The Trinity: Praying with a Modern Icon
15th May 2024
Many of us are familiar with Andrei Rublev’s icon, The Trinity, written in the early 15thcentury. Inspired by this ancient icon, American artist Kelly Latimore wrote his own icon of The Trinity in 2016. This modern icon offers a different perspective on the Trinity and invites us to re-imagine and re-wonder, and wait for what God raises up within us.
During this quiet retreat for Trinity Sunday, we will learn something about Latimor’s icon and spend time in visio divina, praying with it. There will be an opportunity to respond creatively and share your insights with the group, if you wish.
“I want iconography to be a ‘holy pondering’, meditation, and process that potentially brings about a new way of seeing.”
The Trinity – comes from the Greek word meaning image. In this modern icon or
image, commissioned by priest Mark Bozzuti-Jones, Latimor offers a different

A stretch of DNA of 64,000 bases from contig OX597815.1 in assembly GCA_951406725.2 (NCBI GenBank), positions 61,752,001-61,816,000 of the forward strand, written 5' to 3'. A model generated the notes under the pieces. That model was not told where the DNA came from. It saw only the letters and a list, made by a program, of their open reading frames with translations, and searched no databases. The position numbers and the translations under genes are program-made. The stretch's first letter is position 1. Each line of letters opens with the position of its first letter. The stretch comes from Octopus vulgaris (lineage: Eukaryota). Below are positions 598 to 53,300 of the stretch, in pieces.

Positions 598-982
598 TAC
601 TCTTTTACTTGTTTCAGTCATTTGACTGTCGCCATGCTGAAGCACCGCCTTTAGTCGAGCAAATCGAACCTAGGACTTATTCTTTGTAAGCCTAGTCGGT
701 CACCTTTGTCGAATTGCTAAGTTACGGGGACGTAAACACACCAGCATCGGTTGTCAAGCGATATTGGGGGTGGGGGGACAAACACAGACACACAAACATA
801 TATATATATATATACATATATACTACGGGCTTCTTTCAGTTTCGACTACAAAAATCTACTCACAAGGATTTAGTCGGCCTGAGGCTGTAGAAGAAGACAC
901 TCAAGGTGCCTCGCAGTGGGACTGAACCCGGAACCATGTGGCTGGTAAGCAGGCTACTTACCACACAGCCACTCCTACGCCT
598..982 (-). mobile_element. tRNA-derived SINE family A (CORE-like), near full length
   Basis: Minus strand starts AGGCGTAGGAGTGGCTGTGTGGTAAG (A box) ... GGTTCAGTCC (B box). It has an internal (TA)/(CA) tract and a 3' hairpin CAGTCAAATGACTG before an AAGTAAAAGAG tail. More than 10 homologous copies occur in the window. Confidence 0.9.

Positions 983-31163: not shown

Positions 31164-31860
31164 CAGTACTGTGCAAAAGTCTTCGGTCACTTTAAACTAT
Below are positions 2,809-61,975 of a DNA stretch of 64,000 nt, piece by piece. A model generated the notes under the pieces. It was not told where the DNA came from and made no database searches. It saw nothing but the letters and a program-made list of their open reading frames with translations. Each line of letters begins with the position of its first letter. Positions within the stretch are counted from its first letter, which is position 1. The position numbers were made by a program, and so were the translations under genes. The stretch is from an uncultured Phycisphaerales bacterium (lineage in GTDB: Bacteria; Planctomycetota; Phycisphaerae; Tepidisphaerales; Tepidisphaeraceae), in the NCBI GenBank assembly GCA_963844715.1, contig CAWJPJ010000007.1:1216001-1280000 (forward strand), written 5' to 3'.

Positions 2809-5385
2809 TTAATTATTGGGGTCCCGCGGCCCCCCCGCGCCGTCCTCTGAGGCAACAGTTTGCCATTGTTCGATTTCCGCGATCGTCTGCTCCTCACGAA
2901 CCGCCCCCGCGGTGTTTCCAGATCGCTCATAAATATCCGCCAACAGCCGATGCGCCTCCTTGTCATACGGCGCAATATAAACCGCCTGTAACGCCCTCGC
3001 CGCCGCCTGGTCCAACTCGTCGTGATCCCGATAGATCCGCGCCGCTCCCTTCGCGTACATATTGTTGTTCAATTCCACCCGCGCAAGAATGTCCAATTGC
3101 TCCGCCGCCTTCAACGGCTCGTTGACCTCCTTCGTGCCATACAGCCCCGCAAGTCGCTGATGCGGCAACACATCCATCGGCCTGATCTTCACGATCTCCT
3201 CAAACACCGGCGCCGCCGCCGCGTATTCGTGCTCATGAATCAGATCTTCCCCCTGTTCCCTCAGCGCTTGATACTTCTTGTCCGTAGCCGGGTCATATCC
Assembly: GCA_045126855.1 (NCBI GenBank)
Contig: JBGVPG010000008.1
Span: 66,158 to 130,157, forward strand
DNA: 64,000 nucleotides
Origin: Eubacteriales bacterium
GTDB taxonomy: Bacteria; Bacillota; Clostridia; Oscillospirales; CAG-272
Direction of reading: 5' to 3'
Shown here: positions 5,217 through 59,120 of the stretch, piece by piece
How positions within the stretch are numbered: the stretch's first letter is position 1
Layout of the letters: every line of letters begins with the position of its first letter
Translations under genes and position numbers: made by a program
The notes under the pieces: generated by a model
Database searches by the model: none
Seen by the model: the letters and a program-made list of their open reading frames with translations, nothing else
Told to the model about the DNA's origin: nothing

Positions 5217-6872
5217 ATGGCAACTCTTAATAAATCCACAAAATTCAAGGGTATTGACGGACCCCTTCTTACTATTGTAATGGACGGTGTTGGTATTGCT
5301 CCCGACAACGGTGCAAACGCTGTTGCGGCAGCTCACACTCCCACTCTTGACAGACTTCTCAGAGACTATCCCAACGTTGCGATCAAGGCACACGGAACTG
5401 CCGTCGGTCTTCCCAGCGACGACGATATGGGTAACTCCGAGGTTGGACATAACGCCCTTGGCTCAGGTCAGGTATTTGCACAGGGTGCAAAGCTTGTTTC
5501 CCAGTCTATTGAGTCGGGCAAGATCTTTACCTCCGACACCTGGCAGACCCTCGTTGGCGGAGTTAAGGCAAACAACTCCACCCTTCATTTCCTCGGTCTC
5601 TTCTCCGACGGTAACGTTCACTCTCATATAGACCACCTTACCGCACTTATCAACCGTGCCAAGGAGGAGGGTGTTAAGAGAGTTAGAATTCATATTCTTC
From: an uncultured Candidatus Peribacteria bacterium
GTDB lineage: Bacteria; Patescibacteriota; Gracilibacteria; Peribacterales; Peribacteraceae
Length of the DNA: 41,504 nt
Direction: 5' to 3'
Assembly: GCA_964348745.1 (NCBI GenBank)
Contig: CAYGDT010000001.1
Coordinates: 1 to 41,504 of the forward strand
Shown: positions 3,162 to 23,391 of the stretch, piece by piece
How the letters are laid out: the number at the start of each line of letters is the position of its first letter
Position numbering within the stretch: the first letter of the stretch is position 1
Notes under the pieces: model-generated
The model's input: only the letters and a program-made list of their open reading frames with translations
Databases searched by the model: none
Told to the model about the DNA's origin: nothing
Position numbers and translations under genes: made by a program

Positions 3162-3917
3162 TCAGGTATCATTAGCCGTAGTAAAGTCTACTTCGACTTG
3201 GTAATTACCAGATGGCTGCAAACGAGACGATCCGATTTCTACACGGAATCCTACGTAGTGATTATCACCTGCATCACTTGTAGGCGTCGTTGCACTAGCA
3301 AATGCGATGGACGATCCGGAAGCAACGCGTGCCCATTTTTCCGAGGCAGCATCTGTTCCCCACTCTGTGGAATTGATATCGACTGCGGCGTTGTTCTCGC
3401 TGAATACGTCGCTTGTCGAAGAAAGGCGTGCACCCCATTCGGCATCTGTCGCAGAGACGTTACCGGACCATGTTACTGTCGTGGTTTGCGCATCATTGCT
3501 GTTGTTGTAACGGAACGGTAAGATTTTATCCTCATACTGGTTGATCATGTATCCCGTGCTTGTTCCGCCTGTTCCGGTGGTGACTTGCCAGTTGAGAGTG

perspective on the Trinity and invites us to re-imagine and re-wonder, and wait
for what God raises up within us.
“God for us,
God alongside us,
God within us.”
What to Expect
During this quiet day retreat, we will learn something about the inspiration and collaboration behind Latimor’s icon as well as the significance of the colours and characters. Then you will be led into a time of praying with the icon using guided meditation and visio divina. There will be an opportunity to respond creatively and share your insights with the group, if you wish.
Why not join us for the day as we bring our lives into conversation with the Trinity, this central Christine doctrine concerning the nature of God?
“What is our church art for? Is it glorified wallpaper, or can it be something that can
help us see each other, see in new ways, and see God in new ways?”
Valerie is a spiritual companion, retreat leader, and member of the Bield Pastoral Team. She has a special interest in spirituality and in holding spaces which encourage spiritual growth. She has experienced the power of image to enable fresh insight and is delighted to have the artist’s permission to use The Trinity icon